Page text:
However, it would also be expected to pay 30% of the consortium’s capital expense for the development, which could cost several billions of dollars. That’s on top of the costs for the Tasi Mane project, which could also run into the billions of dollars.
Timor-Leste’s 2019 state budget is currently being debated by parliament, but it is thought Prime Minister Taur Matan Ruak plans to set aside US$5 billion from the Petroleum Fund, the country’s sovereign wealth fund, for such purposes.
There is roughly US$17 billion left in the fund, but growing state budgets are quickly depleting it while the country’s current source of oil and gas revenues from the Bayu-Undan reserves are set to run out in 2022.
“It will cost upwards of US$10 billion to construct major projects envisioned by some political leaders, especially those related to the Greater Sunrise and Tasi Mane,” says Charles Scheiner of the local NGO La’o Hamutuk.
“Many international financial institutions doubt the viability of these projects and are reluctant to finance them,” he adds.
One option, analysts say, would be to appeal to China for concessional loans.
“There have been persistent rumors of Timor-Leste turning to China for funding for the Tasi Mane project if the majority of its costs are not shared by consortium partners,” says Damien Kingsbury, professor of international politics at Australia’s Deakin University.
“It seems unlikely the consortium partners would be interested in putting serious money behind a project that continues to have more questions than answers associated with it,” he said.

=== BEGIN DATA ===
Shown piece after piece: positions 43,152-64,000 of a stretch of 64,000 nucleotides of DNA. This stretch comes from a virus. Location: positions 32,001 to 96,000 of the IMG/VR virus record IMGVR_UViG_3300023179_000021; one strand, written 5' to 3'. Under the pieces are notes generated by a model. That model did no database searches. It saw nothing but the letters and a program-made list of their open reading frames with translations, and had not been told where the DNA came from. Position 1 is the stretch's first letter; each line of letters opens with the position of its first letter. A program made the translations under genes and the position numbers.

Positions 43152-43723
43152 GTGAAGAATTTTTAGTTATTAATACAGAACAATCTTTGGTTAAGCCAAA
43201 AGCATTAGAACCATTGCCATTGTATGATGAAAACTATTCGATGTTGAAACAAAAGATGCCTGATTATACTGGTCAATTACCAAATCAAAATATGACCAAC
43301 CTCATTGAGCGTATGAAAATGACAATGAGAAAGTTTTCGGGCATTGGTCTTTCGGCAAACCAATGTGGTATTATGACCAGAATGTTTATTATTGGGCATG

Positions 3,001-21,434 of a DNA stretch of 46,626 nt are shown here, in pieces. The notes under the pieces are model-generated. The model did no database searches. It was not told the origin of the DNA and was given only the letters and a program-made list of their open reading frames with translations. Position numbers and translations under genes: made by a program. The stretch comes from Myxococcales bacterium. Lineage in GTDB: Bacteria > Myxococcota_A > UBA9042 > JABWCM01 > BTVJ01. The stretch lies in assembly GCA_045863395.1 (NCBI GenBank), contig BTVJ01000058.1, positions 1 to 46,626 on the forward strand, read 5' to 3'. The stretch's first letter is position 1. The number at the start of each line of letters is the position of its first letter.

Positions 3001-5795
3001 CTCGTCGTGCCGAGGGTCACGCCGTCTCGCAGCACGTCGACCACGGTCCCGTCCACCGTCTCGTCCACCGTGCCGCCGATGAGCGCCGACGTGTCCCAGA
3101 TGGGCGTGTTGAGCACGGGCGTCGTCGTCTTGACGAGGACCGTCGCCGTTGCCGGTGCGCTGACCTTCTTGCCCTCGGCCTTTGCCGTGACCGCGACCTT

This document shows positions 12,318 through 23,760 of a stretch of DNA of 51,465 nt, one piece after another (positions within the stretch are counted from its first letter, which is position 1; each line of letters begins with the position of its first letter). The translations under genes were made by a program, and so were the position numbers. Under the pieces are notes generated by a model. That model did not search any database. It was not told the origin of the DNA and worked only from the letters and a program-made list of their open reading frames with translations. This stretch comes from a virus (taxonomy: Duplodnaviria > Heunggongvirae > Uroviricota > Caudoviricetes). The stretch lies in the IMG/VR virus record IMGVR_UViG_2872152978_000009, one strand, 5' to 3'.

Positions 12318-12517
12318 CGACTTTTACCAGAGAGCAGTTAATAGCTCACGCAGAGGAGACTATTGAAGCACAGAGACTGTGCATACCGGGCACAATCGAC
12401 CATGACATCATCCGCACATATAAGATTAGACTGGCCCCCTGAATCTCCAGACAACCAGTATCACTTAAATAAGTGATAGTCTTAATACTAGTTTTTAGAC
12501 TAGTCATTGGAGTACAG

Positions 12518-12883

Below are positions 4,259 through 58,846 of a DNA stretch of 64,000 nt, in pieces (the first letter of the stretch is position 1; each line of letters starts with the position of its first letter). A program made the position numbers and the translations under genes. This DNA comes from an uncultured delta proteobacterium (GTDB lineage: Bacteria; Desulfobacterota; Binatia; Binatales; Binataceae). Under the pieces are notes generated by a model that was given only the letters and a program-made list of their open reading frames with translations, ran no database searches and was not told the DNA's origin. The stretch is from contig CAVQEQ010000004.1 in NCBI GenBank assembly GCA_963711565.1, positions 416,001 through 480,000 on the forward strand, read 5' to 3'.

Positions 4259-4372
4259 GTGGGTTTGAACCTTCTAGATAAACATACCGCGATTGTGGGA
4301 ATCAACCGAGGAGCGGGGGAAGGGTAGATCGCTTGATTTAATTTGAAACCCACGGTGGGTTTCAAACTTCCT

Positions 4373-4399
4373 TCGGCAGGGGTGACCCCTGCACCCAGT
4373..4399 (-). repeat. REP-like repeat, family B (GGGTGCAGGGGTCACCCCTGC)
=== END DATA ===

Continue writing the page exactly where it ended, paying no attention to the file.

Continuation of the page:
“Undoubtedly China would also share those concerns. But if the extent of China’s involvement was to bankroll the project, then if it didn’t work then Timor-Leste would be financially beholden to China.”
He added: “China would be in a strong position to extract ‘favors’, perhaps in relation to drilling rights, or perhaps in relation to establishing its own port facilities there, or a radar array as it had previously tried to do.”
Scheiner raises similar points. “If China decides to lend money, what concessions will it require in return?,” he says. “Sri Lanka and several African countries have already experienced hard lessons; Timor-Leste should learn from them, rather than repeating their mistakes.”
To be sure, there is no concrete evidence that Beijing is interested in financing the projects. However, Timor-Leste’s government is now trying to pass reforms that would make such Chinese investments easier.